The procurement system as a whole cannot be described as based on a proper technical background.
This applies to international component [donors, promoters, managers, implementing partners] and to local counterparts.
As a consequence, guidelines and other tools are addressed, first of all, to the subjects that manage the process mainly because the institutions involved are not technically qualified and/or equipped to assess what they pretend to manage.
This approach has dramatically inspired our work. Whereas the expected contribution to enhance sustainability was a list of prescriptions to be incorporated within the system, we decided to go for a different strategy.

3.   Defining the procurement process

It has been crucial to outline the procurement process as a whole. The representation of the process is relevant for two main reasons:

  • to define where strategic action can take place
  • in case, and if possible, to suggest alterations of the scheme itself

The problem being the overall structure of the process, we have suggested to provide a set of criteria to be recognized within the process but also to modify the process itself. To do it in the most realistic way, redefining some passages that are crucial for the identity of the outcome: to invest, literally, in the relevance of those who can make a difference, architects and engineers.
The principle is very simple: the most immediate and effective action to be taken is to involve at the right time [ = as soon as possible] competent professionals.

4.   Data collection

A mission on site has been developed to collect information if not knowledge of the situation of FED funded projects in Chad with reference to local productive cultural context. The account of the mission includes visits to buildings and construction sites, analysis of available documents, interviews.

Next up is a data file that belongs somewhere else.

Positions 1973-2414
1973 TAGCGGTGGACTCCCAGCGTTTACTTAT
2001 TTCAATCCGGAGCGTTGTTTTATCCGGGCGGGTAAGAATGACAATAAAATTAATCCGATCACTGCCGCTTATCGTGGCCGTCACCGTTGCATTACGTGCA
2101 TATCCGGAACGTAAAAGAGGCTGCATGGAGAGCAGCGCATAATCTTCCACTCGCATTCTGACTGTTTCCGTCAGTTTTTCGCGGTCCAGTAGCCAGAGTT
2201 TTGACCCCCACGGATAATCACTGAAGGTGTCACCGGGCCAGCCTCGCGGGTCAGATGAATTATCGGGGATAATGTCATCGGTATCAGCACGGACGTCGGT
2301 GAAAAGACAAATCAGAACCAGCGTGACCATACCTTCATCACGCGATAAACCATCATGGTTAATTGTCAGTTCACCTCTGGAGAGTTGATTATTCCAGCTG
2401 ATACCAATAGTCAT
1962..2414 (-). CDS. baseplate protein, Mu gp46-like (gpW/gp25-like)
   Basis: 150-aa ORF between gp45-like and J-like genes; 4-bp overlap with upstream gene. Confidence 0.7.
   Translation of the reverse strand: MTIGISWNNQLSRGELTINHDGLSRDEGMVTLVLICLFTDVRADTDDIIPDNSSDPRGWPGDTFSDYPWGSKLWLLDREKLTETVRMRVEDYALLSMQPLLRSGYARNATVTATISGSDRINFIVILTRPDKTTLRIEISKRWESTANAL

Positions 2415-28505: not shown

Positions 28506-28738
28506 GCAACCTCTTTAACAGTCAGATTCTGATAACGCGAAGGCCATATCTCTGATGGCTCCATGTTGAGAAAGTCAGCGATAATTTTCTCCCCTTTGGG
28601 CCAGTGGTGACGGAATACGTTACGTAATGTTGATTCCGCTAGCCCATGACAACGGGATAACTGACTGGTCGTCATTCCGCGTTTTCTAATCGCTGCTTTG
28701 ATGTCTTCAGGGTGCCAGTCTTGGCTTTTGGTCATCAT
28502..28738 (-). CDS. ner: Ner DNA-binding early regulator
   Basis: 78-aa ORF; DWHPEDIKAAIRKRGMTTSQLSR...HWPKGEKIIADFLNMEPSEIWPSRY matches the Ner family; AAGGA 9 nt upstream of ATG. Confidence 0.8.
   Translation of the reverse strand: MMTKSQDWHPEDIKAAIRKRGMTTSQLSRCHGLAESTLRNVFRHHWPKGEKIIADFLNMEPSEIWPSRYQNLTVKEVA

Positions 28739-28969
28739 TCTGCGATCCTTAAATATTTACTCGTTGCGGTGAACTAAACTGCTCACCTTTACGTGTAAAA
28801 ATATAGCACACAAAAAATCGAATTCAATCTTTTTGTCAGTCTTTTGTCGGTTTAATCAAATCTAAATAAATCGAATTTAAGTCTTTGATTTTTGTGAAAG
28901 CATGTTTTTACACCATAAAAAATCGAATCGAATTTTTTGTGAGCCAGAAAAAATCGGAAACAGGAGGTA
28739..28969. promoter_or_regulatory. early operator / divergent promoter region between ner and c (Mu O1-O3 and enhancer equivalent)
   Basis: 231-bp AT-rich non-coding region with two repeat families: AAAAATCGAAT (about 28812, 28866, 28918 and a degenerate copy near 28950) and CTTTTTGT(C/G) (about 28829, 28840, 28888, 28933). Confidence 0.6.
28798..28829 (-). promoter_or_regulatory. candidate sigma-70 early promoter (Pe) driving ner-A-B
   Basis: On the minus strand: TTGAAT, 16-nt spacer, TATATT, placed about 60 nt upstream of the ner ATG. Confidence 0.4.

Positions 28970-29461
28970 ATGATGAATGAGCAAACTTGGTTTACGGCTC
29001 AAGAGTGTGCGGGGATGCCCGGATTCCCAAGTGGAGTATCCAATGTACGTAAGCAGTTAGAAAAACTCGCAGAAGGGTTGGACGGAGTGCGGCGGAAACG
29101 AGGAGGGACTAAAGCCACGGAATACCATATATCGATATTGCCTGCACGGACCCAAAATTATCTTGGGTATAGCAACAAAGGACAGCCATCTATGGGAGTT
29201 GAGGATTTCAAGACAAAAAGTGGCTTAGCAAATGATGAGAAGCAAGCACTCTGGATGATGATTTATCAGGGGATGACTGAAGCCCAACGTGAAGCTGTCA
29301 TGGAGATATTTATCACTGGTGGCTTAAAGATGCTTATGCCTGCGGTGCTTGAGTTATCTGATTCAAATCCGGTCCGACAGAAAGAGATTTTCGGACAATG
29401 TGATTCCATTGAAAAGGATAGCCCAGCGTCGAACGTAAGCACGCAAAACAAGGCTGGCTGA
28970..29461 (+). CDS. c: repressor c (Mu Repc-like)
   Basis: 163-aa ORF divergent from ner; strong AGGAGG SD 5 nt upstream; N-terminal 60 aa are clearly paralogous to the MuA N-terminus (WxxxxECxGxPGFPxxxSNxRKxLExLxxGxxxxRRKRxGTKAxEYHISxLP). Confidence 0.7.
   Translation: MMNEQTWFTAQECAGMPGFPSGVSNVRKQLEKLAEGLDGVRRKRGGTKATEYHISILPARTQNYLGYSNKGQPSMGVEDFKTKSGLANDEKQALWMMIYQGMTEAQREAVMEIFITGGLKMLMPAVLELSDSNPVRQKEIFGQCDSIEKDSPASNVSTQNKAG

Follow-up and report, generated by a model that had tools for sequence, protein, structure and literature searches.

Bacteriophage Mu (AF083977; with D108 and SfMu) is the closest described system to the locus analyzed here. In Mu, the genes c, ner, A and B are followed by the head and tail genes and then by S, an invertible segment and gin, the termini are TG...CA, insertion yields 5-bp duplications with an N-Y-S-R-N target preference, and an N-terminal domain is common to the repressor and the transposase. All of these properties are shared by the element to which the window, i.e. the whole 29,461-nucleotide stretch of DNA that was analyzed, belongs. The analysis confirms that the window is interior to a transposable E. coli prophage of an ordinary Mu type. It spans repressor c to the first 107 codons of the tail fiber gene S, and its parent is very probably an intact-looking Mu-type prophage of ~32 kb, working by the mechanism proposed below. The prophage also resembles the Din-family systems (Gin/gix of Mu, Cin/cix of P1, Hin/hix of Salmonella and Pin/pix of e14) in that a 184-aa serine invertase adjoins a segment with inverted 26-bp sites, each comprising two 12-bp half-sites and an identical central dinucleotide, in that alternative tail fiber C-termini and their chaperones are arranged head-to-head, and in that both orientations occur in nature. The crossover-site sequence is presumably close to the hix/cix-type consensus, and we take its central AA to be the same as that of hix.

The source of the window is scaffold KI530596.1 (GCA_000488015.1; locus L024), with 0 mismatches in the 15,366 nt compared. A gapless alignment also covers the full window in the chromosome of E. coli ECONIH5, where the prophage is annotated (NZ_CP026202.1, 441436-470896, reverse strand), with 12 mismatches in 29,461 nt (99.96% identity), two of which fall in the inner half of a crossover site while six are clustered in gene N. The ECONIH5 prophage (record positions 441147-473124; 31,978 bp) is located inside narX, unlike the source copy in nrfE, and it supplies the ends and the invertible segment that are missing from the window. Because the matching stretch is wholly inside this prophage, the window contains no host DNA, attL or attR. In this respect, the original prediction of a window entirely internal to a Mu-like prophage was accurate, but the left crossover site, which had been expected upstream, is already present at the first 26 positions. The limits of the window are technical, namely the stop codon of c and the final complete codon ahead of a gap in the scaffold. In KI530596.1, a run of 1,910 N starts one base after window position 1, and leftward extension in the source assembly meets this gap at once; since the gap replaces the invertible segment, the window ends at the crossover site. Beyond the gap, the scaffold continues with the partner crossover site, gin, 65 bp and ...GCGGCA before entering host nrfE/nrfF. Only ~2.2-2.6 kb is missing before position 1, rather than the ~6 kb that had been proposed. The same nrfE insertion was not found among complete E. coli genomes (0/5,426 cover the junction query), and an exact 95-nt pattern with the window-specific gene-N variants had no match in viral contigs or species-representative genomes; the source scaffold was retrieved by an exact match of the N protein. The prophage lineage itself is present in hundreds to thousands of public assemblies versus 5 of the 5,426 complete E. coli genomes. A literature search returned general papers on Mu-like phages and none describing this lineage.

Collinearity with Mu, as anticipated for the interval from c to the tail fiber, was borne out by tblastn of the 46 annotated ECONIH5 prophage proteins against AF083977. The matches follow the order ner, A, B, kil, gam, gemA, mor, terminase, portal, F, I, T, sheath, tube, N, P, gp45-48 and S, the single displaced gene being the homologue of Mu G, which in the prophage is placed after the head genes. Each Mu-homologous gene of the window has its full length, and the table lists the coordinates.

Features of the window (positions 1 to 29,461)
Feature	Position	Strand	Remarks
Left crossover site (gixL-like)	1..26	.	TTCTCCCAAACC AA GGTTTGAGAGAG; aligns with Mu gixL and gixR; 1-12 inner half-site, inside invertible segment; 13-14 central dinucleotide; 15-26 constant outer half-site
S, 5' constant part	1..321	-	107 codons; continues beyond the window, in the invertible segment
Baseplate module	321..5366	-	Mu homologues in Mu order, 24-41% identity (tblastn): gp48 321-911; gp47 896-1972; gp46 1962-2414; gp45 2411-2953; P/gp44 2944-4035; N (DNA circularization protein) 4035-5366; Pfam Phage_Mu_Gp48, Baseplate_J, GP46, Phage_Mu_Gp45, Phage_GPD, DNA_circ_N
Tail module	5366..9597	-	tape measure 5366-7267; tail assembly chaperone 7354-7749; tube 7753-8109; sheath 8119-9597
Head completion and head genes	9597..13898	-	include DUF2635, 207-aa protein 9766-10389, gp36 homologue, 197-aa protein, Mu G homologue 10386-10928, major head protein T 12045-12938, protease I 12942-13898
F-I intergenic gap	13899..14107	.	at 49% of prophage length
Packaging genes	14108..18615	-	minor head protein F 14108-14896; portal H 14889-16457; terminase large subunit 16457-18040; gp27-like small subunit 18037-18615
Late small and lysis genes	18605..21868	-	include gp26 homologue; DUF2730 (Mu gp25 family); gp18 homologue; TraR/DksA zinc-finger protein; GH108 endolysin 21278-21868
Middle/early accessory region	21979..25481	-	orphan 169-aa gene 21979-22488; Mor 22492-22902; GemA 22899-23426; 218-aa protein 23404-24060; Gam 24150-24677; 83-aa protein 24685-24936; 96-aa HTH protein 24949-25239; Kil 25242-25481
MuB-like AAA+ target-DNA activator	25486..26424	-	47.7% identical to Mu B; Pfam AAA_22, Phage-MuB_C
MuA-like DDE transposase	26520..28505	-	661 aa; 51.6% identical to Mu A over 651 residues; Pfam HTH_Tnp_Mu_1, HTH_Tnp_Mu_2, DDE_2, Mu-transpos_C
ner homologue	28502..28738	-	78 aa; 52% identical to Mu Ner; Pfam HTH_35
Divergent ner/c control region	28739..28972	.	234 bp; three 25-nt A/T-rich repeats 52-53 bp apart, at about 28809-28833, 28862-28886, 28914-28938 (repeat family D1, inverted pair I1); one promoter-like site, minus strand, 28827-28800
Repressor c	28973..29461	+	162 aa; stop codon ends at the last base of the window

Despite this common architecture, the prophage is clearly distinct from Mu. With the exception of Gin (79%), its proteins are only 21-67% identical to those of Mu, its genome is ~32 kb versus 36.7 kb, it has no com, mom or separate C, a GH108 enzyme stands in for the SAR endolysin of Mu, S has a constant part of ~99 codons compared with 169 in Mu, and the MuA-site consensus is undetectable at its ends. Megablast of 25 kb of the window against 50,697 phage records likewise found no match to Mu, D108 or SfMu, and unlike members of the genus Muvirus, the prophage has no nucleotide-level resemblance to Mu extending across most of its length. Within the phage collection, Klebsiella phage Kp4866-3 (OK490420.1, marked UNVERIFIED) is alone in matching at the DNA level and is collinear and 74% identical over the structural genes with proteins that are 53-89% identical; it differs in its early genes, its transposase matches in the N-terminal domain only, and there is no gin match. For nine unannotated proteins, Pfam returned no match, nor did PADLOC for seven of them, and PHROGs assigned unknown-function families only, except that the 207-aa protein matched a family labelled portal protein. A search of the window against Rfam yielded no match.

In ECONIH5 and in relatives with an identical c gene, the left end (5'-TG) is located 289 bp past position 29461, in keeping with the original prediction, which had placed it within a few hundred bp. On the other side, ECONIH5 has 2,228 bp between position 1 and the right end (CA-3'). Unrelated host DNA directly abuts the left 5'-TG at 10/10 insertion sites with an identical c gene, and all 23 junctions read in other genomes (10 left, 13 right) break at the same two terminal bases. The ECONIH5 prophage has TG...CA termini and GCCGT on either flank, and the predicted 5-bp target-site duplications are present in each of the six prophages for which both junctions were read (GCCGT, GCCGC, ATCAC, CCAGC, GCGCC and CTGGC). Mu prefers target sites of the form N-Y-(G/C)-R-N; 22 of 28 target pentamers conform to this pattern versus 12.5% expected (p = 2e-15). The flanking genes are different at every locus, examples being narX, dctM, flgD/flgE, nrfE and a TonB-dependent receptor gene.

5.   Diagnosis

The medical metaphor is significant. It recalls the evidence of symptoms that must be interpreted, a pathology to be recognized, a therapy to be outlined.
The situation can be summed up in a few points:

  • the production line is quite obscure as far as programs’ objectives definition: what to do, where, under which circumstances is something that clearly depends from political issues but it is supported [should be] by ‘technical’ considerations
  • those in charge of ‘buying’ professional services have not the competence to do it
  • the same applies for the validation of what produced:
  • as a consequence projects and buildings are of poor quality

Basically, the quality of projects and buildings is very low, well beyond inadequate attention to sustainability.

6.   Therapy

The recommendations are therefore summarized in four concept:

  • to involve technical knowledge as soon as possible, at the time of identification of projects
  • to regard sanitation, energy and water management, use of appropriate technologies as inescapable priorities of the project
  • to adopt bioclimatic considerations and eco-compatibility approach as established design strategy
  • to properly select architects and engineers so that their professional contribution might be regarded as an investment rather than a cost




The mechanics of international cooperation is undoubtedly complex; nevertheless the real effects of the system are so distant from being satisfactory that a critical approach to its rules and practices is nowadays mandatory.